14. The Hurt Locker (2008)

The Hurt Locker won six Academy Awards, including one for best film and one for its director, Kathryn Bigelow. Inevitably, however, not everybody was impressed with how the Iraq War thriller turned out. In particular, Paul Rieckhoff, a veteran who actually served in Iraq, told NPR in 2010 that the opening scene “just doesn’t make sense.” In addition, he said that the moment when one character goes into Baghdad dressed in civvies is “completely ridiculous.”

13. Flyboys (2006)


As the title suggests, Tony Bill’s Flyboys centers around a team of fighter pilots during WWI. And such a plot line naturally calls for plenty of aircraft and in-air action. Unfortunately, though, the drama heavily features Fokker Triplane fighters – which reportedly weren’t used much during the period depicted in the film. Many of the planes on screen are also for some reason painted red. But that being said, producer Dean Devlin has apparently admitted that this was for aesthetic rather than historical reasons.

12. The Patriot (2000)

British journalist Andrew Marr reportedly called The Patriot, an American Revolution drama from director Roland Emmerich, “a stinker.” Why? Well, Marr apparently pointed out that during the war many African Americans actually sided with the British – and not with “their white rebel ‘brothers,’” as seen in the film. He also seemingly disapproved of the portrayal of the Brits and the lack of any mention of the supporting French armies.

11. Jarhead (2005)


Former Marine Nathaniel Fick gave his opinion of Jarhead to Slate in 2005. Fick in fact commended directer Sam Mendes for getting “much of the big stuff right.” He pulled no punches, however, on other aspects of the Gulf War drama. Specifically, he questioned the accuracy of men being left behind, a Marine dying during training without consequences and the celebratory antics of the soldiers.

10. The Green Berets (1968)

According to The Guardian, John Wayne and Ray Kellogg’s The Green Berets is little more than “propaganda.” The U.S. Department of Defense apparently even had final approval over its script. So it’s perhaps not surprising that while the film seemingly sees American soldiers solely performing good deeds during the Vietnam War, this was sometimes far from the case in real life.

9. Pearl Harbor (2001)


Michael Bay’s Pearl Harbor hit movie screens in May 2001. But before it had even been released, The Guardian reported that the film had angered veterans who’d survived the attack. The main grievance seemed to be that the WWII flick implies that just a couple of pilots fought the Japanese that day. In real life, however, it was closer to 90. Veteran Ray Emory said, “[The movie] doesn’t make me proud.”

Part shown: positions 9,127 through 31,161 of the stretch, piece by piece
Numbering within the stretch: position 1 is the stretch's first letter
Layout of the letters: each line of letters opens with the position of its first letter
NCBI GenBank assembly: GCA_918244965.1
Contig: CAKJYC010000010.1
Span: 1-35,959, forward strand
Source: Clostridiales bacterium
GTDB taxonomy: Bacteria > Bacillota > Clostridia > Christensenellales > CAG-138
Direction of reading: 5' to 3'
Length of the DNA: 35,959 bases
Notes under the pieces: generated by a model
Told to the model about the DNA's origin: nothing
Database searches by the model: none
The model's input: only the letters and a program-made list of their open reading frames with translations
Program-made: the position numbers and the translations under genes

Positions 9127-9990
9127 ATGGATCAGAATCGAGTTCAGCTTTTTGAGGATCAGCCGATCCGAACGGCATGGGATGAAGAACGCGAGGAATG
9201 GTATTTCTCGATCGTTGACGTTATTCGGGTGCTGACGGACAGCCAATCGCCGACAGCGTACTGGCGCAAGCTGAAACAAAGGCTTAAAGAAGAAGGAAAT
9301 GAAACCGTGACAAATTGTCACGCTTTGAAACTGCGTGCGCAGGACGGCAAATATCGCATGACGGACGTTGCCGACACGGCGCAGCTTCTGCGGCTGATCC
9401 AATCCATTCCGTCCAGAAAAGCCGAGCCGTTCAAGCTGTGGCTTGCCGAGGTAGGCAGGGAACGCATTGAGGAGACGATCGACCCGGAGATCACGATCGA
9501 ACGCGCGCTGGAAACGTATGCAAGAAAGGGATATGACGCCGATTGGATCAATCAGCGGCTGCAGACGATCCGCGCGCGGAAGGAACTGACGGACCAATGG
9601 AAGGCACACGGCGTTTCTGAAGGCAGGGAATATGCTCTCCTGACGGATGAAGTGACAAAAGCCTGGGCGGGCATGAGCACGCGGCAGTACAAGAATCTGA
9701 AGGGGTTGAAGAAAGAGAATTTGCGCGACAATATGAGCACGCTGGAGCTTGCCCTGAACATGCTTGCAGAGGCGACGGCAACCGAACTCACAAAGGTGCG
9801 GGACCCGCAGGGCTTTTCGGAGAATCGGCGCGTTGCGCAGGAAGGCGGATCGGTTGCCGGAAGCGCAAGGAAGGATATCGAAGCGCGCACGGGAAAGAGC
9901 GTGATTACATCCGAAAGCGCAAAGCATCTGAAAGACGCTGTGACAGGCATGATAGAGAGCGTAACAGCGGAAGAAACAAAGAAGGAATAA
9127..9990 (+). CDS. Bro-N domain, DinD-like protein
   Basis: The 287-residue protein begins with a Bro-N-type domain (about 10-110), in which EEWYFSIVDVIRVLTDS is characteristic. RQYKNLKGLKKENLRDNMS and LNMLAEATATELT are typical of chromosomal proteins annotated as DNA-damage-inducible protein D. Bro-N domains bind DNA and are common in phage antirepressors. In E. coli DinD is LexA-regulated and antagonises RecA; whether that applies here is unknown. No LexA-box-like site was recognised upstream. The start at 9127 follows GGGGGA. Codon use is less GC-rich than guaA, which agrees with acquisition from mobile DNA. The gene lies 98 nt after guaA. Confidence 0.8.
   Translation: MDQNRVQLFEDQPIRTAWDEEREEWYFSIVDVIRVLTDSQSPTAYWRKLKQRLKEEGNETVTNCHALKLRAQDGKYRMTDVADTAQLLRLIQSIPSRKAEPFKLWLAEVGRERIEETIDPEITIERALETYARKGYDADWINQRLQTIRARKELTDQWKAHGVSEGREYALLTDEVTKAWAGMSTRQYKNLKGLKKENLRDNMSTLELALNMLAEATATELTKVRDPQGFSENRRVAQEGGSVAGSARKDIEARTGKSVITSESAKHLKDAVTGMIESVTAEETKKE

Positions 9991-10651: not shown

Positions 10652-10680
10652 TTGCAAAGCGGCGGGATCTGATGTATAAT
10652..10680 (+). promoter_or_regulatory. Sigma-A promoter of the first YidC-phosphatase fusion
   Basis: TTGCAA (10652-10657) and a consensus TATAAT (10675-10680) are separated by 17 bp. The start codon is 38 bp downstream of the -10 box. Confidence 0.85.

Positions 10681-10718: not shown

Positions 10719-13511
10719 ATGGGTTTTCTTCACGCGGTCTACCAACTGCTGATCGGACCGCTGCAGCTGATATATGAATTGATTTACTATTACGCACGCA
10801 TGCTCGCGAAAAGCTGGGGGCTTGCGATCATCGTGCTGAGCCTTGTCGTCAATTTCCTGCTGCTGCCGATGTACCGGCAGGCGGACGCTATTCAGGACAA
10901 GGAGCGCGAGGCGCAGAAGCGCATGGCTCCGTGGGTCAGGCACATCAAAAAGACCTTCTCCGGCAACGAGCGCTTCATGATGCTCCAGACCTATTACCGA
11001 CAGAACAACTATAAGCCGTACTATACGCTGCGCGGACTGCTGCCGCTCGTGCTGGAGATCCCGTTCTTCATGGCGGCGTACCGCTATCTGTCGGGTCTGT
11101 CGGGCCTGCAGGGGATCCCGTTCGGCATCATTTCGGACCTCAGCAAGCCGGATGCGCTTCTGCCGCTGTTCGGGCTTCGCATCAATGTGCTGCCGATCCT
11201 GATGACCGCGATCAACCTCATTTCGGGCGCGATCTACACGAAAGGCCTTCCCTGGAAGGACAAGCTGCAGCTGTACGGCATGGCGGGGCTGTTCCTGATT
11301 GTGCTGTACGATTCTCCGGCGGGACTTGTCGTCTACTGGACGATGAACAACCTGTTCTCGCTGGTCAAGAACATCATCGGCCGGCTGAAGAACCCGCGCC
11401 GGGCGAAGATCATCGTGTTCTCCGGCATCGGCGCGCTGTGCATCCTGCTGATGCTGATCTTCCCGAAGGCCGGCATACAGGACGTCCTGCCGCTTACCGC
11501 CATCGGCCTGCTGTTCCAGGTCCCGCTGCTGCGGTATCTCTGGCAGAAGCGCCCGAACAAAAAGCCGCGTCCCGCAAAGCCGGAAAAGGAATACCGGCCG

8. Hacksaw Ridge (2016)

Hacksaw Ridge’s producer Bill Mechanic told People magazine in 2017 that he believed he and director Mel Gibson accurately portrayed the events as they actually happened in WWII. He did confess, however, that their drama took liberties with parts of the backstory and chronology. “If you’re a slave to the complete facts, then you’re not making a movie that is compelling,” he said.

7. Battle of the Bulge (1965)


In real life, the Battle of the Bulge took place in December 1944 under a blanket of snow. It also saw soldiers going head to head in an Ardennes forest. Yet in Ken Annakin’s 1965 WWII drama Battle of the Bulge, some scenes show no snow whatsoever. Similarly, the backdrop to the fight appears to be significantly less tree-lined than a forest would have been.

6. Saving Private Ryan (1998)

Saving Private Ryan, from director Steven Spielberg, is of course celebrated for its visceral opening sequence. But at one point in this graphic WWII adventure, a sniper shoots an opposing sharpshooter in the eye directly through the other man’s gun scope. And a show called History Buffs highlighted in a YouTube video that this shot would be impossible in real life owing to the trajectory of such a bullet traveling through the air.

5. Red Tails (2012)


Anthony Hemingway’s action flick Red Tails is based on the exploits of the Tuskegee Airmen during WWII. And at one point in the film, it’s claimed that not one bomber the fighters were protecting was taken out by enemy fire. In 2007, however, the Associated Press announced that an Air Force report said otherwise. Specifically, it stated that the Tuskegee Airmen had lost no fewer than 25 bombers in this way.

4. Full Metal Jacket (1987)

When people think of Stanley Kubrick’s Vietnam drama Full Metal Jacket, they probably hear R. Lee Ermey’s terrifying Gunnery Sergeant. But while Ermey dominates the film, it seems that not everything about his portrayal is realistic. In particular, Popular Mechanics magazine wrote in 2013 that “military experts” said boot camps such as this one would more likely have been run by three drill instructors instead of just one.

3. G.I. Jane (1997)


At one point in G.I. Jane, a helicopter is seen flying towards battle – with nothing in its rocket launchers. Yet in one way, at least, Ridley Scott’s action picture was ahead of its time. After all, the war movie sees Demi Moore’s Jordan O’Neill trying to pass through Navy SEAL-like training – but there has still yet to be a female Navy SEAL in real life.

2. Fury (2014)

Bill Betts, a veteran who served in WWII, spoke to The Guardian in 2014 about David Ayer’s tank actioner Fury. And while he admitted that the movie is “very realistic,” Betts did also say that the finale was one step too far. “In reality, [the Germans] would have been battle-hardened and fanatical troops who would have easily taken out an immobile Sherman tank using Panzerfausts,” he said.

1. The Longest Day (1962)


Ken Annakin and John Wayne each make second appearances on our list, this time with D-Day action flick The Longest Day. This time around, though, it’s a technical goof that raised eyebrows. Here, one character wears a Distinguished Flying Cross. But the website Movie Mistakes claims that the medal shown on camera is both the wrong type of medal and the wrong way up.